Epidermal growth factor receptor deficiency: Expanding the phenotype beyond infancy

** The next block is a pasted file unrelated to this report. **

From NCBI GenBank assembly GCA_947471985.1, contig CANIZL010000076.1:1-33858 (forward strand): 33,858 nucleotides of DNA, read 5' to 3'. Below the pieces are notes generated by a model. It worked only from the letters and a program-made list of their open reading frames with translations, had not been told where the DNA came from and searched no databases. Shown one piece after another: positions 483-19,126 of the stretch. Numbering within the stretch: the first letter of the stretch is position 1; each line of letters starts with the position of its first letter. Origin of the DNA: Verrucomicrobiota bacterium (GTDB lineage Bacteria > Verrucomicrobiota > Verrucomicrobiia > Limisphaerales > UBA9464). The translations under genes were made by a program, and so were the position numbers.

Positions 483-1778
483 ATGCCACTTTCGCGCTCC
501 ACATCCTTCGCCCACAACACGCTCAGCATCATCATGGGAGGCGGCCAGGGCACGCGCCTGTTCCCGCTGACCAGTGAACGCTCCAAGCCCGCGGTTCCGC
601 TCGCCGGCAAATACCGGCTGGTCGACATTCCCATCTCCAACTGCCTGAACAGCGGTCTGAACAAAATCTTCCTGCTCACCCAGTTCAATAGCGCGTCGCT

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Transmembrane tyrosine kinase receptors represent a fundamental mechanism for transducing extracellular signals into the activation of signaling cascades responsible for intercellular communication, embryogenesis and tissue integrity. The epidermal growth factor receptor (EGFR) is a canonical member of this family, regarded for its dysregulated function in various malignancies. Here, we describe a young female born prematurely with friable and immature skin who developed chronic diarrhea, recurrent gastrointestinal and respiratory infections, as well as an ichthyotic and inflammatory papulopustular rash accompanied by alopecia. Whole-exome sequencing revealed a constitutional homozygous variant in EGFR (NM_005228.3:c1283G>A; p.[G428D]), identified as a pathogenic loss-of-function variant in three patients with EGFR deficiency. These patients succumbed to early mortality; however, the proposita's condition has stabilized, despite only supportive interventions, with dermatological improvements and reduced frequency of infections at 8 years. This report provides a clinical phenotyping of the longest surviving individual with EGFR deficiency and substantiates our understanding of the natural history of this multisystemic dermatological disorder.
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